Thursday, July 4, 2013

Here on Earth

What I am about to say is subjective. It might not resonate with everyone.

One can use mystical teachings to escape reality or to engage reality. I've spent years studying Jewish mysticism. Despite all my years of studying, today I finally came to an understanding of what makes the Lubavitcher path different.

I grew up in "Orthodox Jewish Brooklyn" in the 1970's & 80's. My Torah education had a real emphasis on finding God in the hereafter. Finally, a stream of Torah teaching came along and said to me, "Find God here! Find Him in this world. There's no need to wait until the next world (as spiritually dazzling as it might be). He's as much on earth as He's in heaven."

To me, that's Lubavitch!

1 comment:

  1. FaceBook Comments:

    Iris G. : The whole point of Lubavitch is accessibility of God to everyone, isn't it? I love the joyous worship of their approach. That's where I find God in this world! BTW, I always enjoy your posts! Good Shabbos!

    Hadassah C. : Sounds beautiful to me... ... Shabbat Shalom friend!!!

    Shayna N. : This is beautiful and true. But why is this specifically Lubavitch? To me it describes any Jewish spiritual path that includes kabbalistic thought. I think all the teachings I feature on my website would fit in this description and only a few of the authors are Lubavitch. Shabbat Shalom.

    Miriam L. : Happy for you Choni, Lubavitch is so beautiful, and also love Breslover way and Rebbe Nachman!

    Ze'ev G. : Beautiful!

    Reuven S. : Good Shabbos. Very true.

    Choni : To Iris G. : I am so touched. I had no idea that you enjoy my posts. Thank you for telling me. Shabbat Shalom

    Choni : Shabbat Shalom Hadassah C.

    Choni : To Shayna N. : It's a question of emphasis. Ultimately, all paths in Judaism say the same thing. They smoothly blend together and easily complement each other's concepts. For example, I can show the same ideas running through Ramchal, Rav Ashlag, Rebbe Nachman and the Ba'al HaTanya. However, what each path mainly emphasizes and puts it's energies into is slightly different. What you'll see over and over again repeated in each of their works will be slightly different. That's beautiful! I love it. I was just emphasizing the unique beauty I find in Lubavitch and I had to draw on it today to stay spiritually balanced.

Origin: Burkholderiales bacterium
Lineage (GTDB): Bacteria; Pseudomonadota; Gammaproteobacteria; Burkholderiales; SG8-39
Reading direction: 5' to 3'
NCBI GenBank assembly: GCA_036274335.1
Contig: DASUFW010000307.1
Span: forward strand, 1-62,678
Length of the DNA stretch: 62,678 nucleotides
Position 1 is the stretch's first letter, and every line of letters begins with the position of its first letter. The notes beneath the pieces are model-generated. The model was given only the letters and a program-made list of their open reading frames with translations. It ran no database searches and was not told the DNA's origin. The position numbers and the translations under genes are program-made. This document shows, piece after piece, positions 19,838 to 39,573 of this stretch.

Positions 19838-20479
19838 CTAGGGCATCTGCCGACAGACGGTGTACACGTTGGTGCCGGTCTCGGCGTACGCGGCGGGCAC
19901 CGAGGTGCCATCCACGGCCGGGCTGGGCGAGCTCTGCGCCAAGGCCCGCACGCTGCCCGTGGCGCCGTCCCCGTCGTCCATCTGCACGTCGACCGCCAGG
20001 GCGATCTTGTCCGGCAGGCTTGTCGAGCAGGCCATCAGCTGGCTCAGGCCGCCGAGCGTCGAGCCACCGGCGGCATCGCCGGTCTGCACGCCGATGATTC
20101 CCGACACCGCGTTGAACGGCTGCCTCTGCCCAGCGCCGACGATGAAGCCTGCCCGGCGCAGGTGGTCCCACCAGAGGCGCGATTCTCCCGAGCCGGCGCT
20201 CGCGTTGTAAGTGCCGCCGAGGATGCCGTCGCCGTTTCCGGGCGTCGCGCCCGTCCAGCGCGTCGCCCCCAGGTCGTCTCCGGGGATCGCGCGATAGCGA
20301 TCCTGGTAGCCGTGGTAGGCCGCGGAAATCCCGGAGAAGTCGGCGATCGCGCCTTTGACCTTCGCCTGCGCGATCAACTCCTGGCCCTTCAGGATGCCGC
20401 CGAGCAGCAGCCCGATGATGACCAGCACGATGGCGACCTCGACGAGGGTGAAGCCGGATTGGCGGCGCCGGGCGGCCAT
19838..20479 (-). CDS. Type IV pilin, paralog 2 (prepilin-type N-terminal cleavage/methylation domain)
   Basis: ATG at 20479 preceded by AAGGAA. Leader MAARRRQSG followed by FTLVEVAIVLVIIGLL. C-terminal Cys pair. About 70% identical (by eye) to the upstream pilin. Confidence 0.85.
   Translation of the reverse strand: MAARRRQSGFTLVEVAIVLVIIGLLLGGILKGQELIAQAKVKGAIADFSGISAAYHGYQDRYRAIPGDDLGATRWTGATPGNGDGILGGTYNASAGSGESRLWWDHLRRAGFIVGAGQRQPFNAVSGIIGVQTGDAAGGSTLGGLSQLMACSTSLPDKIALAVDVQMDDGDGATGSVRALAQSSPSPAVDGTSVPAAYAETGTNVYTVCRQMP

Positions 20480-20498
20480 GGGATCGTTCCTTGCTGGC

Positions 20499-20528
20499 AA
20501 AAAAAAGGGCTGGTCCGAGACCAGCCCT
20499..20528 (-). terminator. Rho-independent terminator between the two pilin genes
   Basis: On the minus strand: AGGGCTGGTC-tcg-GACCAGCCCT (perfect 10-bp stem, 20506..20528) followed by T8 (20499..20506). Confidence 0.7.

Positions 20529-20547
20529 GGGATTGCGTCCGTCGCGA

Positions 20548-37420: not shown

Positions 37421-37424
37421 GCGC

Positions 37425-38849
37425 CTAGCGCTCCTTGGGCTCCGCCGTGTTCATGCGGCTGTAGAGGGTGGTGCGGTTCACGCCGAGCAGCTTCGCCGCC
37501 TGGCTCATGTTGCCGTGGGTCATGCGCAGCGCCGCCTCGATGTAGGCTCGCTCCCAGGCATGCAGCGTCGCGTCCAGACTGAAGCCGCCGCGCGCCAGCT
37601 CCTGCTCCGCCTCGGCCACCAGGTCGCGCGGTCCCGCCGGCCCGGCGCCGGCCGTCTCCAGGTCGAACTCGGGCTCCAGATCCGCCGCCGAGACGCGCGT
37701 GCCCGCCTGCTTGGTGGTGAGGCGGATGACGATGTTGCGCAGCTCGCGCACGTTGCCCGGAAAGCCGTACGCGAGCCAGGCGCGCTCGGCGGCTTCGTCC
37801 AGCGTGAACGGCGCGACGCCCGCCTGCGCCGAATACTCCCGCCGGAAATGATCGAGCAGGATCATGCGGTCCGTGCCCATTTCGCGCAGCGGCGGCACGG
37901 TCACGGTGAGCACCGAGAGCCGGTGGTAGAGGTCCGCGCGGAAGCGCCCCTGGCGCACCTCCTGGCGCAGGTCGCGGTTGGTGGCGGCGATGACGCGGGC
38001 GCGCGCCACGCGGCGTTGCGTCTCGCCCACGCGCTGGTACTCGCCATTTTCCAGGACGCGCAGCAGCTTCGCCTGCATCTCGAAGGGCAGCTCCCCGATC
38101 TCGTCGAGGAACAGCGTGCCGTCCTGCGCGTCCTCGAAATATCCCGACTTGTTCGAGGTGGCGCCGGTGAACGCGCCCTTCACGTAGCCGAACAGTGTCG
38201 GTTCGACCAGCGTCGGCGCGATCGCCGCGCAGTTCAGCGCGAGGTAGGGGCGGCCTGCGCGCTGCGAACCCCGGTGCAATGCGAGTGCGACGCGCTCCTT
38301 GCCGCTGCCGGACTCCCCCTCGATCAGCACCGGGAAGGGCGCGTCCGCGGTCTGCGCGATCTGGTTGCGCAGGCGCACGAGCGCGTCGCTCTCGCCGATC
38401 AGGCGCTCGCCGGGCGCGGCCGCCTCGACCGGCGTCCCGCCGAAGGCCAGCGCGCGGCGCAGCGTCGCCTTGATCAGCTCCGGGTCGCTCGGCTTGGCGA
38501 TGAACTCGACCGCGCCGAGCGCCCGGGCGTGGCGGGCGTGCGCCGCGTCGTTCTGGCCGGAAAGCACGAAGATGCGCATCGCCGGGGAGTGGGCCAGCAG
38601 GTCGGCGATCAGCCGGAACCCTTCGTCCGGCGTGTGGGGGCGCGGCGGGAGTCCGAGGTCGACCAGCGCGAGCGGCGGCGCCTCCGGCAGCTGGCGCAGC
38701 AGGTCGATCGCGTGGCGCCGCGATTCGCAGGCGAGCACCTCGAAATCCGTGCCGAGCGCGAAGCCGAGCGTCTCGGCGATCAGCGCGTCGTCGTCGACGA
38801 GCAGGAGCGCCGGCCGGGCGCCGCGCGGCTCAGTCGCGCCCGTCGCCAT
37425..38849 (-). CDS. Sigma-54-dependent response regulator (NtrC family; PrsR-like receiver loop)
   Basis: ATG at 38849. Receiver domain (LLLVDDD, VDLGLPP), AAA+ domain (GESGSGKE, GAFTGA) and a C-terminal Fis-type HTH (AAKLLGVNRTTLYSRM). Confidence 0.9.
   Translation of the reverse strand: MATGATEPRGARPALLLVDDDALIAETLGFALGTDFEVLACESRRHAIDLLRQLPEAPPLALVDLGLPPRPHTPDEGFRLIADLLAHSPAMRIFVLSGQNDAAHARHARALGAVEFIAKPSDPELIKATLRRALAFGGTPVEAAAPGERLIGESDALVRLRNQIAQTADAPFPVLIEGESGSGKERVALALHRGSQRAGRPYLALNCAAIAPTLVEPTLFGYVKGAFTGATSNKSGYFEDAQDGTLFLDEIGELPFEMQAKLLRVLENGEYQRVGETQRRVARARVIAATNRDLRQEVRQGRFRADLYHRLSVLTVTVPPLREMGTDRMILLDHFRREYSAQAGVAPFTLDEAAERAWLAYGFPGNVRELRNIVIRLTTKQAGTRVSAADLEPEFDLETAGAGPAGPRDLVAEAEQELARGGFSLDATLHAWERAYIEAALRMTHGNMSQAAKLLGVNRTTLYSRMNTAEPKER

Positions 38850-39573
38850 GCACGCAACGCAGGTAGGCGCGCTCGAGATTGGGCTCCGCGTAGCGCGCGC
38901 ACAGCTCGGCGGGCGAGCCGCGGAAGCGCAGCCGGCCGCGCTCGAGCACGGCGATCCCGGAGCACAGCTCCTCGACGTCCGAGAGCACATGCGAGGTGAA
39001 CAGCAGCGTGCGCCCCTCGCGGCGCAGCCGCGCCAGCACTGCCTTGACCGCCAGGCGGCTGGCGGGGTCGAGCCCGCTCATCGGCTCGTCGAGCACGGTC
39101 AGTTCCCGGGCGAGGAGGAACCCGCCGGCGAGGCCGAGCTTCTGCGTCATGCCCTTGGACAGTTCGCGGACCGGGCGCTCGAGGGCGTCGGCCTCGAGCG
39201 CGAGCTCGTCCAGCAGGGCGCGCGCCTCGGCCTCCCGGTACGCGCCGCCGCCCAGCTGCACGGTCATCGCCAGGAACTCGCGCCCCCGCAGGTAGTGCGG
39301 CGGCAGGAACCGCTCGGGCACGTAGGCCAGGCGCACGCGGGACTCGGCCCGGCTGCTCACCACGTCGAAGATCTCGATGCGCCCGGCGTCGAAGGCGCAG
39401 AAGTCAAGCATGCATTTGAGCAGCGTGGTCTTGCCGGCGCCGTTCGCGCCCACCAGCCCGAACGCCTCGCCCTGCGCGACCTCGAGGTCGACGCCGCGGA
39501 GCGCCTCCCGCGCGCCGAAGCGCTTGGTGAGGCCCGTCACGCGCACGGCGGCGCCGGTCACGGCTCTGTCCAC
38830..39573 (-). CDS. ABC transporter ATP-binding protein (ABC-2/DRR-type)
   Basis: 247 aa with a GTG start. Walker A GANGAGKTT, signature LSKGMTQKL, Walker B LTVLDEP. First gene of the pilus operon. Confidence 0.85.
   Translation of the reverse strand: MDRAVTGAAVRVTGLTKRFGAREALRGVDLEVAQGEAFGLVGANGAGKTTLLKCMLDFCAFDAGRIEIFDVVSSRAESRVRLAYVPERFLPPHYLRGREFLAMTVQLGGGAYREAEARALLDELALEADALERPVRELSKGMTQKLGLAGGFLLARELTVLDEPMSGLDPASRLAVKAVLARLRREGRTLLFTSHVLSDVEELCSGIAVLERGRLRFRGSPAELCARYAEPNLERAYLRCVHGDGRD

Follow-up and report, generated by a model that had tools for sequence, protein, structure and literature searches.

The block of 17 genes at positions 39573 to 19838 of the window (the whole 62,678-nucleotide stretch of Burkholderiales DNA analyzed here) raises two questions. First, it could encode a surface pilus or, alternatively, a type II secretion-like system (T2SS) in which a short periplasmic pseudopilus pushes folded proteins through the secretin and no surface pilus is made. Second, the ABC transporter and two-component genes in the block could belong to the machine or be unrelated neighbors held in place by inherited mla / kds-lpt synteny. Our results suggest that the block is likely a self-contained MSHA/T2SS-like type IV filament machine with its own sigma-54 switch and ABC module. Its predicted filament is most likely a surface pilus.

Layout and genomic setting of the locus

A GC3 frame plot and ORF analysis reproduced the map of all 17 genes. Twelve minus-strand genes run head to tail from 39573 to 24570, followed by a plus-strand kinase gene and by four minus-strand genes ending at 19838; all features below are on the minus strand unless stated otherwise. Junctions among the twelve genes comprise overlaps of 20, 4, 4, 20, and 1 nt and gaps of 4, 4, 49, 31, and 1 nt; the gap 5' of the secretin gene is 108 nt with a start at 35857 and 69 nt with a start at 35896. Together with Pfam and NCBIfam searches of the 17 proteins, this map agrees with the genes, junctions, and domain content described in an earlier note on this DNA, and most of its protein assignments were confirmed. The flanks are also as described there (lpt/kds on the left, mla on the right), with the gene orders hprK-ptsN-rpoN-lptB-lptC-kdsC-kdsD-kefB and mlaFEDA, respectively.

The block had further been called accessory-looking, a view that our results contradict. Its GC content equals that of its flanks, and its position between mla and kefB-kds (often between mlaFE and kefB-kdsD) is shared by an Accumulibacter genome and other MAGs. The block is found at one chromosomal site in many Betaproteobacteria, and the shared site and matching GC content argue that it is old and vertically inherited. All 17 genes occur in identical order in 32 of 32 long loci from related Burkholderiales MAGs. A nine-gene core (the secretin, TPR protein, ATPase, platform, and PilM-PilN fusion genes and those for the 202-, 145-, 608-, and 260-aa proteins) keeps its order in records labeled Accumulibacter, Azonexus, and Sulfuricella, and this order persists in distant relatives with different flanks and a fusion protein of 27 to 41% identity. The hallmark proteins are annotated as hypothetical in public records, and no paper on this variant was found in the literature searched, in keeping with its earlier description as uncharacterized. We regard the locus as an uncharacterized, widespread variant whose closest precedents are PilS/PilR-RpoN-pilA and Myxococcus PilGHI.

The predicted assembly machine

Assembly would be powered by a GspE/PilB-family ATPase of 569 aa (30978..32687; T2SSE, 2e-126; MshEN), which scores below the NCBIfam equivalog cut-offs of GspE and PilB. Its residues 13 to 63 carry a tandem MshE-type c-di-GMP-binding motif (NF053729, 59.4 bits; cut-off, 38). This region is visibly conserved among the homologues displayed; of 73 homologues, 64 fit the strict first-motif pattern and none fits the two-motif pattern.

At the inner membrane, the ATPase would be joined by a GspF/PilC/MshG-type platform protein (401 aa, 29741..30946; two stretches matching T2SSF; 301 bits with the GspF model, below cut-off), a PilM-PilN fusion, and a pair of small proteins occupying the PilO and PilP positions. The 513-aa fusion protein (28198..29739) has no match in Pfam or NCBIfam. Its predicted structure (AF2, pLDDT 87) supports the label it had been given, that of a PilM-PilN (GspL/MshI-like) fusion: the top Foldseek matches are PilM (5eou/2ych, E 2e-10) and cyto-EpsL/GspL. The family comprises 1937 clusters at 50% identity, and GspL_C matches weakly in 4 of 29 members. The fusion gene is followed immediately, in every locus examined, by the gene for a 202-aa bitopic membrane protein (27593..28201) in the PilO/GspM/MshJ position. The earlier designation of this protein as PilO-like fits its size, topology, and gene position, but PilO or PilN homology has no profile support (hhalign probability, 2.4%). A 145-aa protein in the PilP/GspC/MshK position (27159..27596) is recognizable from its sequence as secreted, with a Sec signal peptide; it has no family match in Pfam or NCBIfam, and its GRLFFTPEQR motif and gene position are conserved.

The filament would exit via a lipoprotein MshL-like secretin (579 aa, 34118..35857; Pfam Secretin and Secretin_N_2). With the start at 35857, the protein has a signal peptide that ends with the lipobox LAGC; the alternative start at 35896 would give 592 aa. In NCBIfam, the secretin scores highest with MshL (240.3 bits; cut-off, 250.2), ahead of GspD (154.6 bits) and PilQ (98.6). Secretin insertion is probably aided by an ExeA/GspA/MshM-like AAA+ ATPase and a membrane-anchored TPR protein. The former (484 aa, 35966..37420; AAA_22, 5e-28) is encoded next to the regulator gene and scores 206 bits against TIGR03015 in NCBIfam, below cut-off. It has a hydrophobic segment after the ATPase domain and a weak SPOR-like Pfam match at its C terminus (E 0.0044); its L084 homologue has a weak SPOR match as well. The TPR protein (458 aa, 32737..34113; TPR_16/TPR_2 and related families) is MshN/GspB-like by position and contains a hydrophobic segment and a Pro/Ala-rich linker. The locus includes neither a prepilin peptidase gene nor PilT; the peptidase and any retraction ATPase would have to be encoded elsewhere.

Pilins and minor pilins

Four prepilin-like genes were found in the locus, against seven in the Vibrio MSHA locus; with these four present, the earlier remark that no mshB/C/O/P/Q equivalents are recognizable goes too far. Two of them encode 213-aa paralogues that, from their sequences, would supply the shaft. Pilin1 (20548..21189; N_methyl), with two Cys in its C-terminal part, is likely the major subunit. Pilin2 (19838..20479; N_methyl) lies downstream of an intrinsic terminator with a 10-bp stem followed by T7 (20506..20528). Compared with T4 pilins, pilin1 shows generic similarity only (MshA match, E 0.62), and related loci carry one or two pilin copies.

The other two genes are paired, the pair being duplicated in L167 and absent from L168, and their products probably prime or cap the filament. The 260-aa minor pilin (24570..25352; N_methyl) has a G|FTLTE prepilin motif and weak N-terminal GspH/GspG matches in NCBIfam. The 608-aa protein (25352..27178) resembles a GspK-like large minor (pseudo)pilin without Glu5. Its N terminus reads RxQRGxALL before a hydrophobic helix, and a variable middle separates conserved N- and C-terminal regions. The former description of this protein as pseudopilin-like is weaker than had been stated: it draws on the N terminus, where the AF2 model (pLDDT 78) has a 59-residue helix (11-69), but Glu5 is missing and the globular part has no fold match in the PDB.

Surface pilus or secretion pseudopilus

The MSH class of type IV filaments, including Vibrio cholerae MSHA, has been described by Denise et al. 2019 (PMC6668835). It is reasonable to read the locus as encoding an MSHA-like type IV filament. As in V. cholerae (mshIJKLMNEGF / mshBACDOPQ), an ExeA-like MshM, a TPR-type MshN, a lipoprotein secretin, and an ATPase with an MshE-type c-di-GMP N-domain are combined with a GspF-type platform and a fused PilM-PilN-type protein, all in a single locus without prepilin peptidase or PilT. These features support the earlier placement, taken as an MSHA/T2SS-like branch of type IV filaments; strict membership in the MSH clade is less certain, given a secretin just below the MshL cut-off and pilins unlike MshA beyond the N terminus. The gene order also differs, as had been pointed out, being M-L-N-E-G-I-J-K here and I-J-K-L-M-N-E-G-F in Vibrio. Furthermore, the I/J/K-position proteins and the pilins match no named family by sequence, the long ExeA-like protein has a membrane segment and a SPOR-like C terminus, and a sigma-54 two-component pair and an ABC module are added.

Choni : Yes Miriam S., I agree that it's all beautiful. Today I had an incident that jolted me into drawing on what I learned from Lubavitch in order to remain spiritually balanced.

    Karen Z. : YUP.

    Elizabeth M. : Amen! He is everywhere. We always need to acknowledge him and invite him in our days. psalm 91-1 He who dwells in the secret place of the Most High shall abide under the shadow of the Almighty. Shabbat Shalom

    Shlomo D. : I am a Talmud of Rav Matis Weinberg in the Od City of Jerusalem, and I feel that Hashem brought me to Israel to follow this path. He is the grandson of the Slominer Rebbe who decided to embrace rather than isolate himself from the best that the modern world has to offer, and it suits me to a T. Thanks to Choni for starting this thread.

    Tikva C. : it would be nice if you share Shlomo from time to time some Slominer Rebbe Torahlas. He is gevaltich!

    Choni : Shavuah Tov Shlomo D. & Tikva C. : This is the first I am hearing about Rav Matis Weinberg - though I've heard of the "Nisavat Shalom" and even had the pleasure of peeking at his Torahs a little bit. I probably don't know most of the contemporary Torah personalities in Eretz Yisrael. So please share. In general I love mystical thought. And I was sharing was what I love about the Lubavitcher Rebbe's Torahs; namely, that he expresses a mysticism designed to engage immediate reality in the moment. It's possible to use mysticism as escapism and it's also possible to use mysticism as a tool for engagement. He it's very obvious that does the latter.